Confronto tra Orazio Gentileschi e Domenico Fiasella
Comparison between Orazio Gentileschi(The Angel Visits Saint Cecilia, Saint Valerian and Saint Tiburtius, 1607; oil on canvas, 350 x 218 cm; Milan, Pinacoteca di Brera) and Domenico Fiasella(Christ Resurrects the Son of the Widow of Naim, c. 1615; oil on canvas, 275 x 178.5 cm; Sarasota, John and Mable Ringling Museum of Art).

Confronto tra Domenico Fiasella e Artemisia Gentileschi
Comparison of Domenico Fiasella(A Player and a Courtesan, 1608; Trieste, Lloyd Adriatico) and Artemisia Gentileschi(Madonna and Child, 1610-1611; oil on canvas, 116.5 x 86.5 cm; Rome, Galleria Spada).

Confronto tra Artemisia Gentileschi e Domenico Fiasella
Comparison between Artemisia Gentileschi(Judith and Holofernes, 1612-1613; oil on canvas, 158.5 x 125.5 cm; Naples, Museo Nazionale di Capodimonte) and Domenico Fiasella(Fainting of Pompey’s Wife, c. 1625; oil on canvas, 188 x 164 cm; Genoa, Cattaneo Adorno Collection).

As far as style is concerned, it has already been mentioned how the slavish reprise of the figure of Truth from Orazio Gentileschi’s Cleopatra, in turn imitated by his daughter in her Danae in the Roman exhibition and compared with the painting attributed to Fiasella, constitutes, at least in the memory of the writer, a unique case in the production of these years of a Fiasella who was permeable to various suggestions, but who hardly ever adhered so closely to his own model of reference. It will be appropriate to shed light on this modus operandi as well, which would constitute another major novelty.

Particolare con la figura della Verità
Particular with the figure of Truth.

Turning to more “safe” subjects, one can analyze the most eminently Fiasellesque element of the whole painting: the face of theallegory of deception. If Fiasella’s hand is to be seen in this unpublished work, the latter may be most apparent in such detail: we may encounter similar types in more or less well-known paintings by Fiasella. I have here dabbled in proposing, without any pretension and purely for amusement, a brief overview: from the closest face, that of the prophetess Anna who appears in the Madonna of the Misericordia church in Massa, to the woman who appears in theAchilles with the Daughters of Lycomedes in the Carispezia collections, to a face of higher quality, but still of a type perhaps not so distant, in the Meretrice driving out the prodigal son, a splendid unpublished work presented in a small but very tasty exhibition held in Carrara in 2015 (on the subject there would be, however, some debate: in the catalog it was given as plausible, but not certain). We do not discover today that Fiasella had a certain ability to masterfully render “wrinkled heads and aged breasts,” as the turbulent scholar Luca Assarino acknowledged (although, without detracting from this peculiar skill of his, we grant the Sarzanese that the qualities for which we appreciate him are other), and the piece in the painting on display at Palazzo Braschi fits well with such expertise. These are, however, three works referable to the 1930s-40s (albeit with all the doubts involved): we are therefore far from the Roman sojourn.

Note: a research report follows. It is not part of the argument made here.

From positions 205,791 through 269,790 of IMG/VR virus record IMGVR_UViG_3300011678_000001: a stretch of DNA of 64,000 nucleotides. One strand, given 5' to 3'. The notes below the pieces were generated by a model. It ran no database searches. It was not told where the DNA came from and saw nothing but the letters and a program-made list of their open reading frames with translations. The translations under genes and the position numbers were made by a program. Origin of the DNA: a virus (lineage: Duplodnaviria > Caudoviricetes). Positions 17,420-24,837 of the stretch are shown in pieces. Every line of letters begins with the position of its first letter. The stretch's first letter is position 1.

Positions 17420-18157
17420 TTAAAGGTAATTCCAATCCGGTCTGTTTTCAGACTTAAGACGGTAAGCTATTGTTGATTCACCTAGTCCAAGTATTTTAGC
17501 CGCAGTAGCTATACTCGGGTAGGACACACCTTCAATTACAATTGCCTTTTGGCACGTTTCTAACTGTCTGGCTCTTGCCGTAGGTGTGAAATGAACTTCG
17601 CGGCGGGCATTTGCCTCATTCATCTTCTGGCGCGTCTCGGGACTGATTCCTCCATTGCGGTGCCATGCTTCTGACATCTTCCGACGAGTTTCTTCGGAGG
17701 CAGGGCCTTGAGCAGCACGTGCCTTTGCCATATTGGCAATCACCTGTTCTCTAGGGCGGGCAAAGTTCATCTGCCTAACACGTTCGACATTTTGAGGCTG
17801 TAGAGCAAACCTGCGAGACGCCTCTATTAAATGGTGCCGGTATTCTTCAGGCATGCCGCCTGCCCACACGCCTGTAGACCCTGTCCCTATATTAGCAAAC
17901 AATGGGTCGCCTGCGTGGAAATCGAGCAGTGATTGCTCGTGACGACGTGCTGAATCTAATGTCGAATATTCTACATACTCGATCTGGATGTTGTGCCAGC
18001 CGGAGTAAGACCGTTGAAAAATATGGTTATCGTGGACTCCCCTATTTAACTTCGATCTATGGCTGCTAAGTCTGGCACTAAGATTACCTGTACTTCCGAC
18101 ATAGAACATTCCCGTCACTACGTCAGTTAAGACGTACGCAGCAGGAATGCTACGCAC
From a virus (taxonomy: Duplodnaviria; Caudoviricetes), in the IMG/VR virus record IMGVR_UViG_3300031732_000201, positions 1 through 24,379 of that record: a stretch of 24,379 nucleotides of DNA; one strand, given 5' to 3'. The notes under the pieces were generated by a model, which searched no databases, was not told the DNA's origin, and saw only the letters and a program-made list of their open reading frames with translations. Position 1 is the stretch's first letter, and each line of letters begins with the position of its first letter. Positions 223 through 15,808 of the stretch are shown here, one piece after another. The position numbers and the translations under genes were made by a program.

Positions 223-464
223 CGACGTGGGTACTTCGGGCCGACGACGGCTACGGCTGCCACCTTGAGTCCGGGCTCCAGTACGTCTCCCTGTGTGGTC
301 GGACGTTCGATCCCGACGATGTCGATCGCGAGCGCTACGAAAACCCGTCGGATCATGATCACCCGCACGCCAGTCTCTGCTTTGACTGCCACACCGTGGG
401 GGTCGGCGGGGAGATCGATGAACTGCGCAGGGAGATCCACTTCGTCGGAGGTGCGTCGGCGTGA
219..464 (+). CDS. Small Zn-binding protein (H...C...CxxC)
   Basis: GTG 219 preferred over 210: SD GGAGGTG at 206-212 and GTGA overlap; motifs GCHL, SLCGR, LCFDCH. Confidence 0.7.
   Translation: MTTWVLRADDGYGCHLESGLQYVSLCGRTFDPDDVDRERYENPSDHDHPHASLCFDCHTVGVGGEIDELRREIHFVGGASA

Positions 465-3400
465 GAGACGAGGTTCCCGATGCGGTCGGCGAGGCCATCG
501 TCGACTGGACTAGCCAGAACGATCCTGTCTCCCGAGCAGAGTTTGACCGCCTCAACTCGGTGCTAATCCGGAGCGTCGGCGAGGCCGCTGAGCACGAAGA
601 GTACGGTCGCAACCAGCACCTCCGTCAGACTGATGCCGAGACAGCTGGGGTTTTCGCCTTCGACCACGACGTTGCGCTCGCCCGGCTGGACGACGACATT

Particolare con la figura dell'Inganno
Detail with the figure of Deception.

Confronto tra i volti delle opere di Fiasella
Comparison of the faces of Fiasella’s works. From left: Madonna and Child, the Prophetess Anna, and Saints John the Baptist and Simeon (c. 1640; oil on canvas, 280 x 169 cm; Massa, Misericordia Church); Achilles and the Daughters of Lycomedes (c. 1630-1635; oil on canvas, 150 x 160 cm; La Spezia, Carispezia Collections); The Whore Drives Away the Prodigal Son (c. 1640-1642; oil on canvas, 230 x 176 cm; Carrara, Cassa di Risparmio Collections)

To reiterate, in conclusion: there is much to talk about regarding such a painting. Of course: one must consider that the development of Fiasella’s very long career was anything but linear, and that the Sarzana painter often accustomed us to surprises. Can Time Discovering Truth be considered one of these surprises? I turn the question over to those who have been tickled by reading this article and have titles and experience to answer it.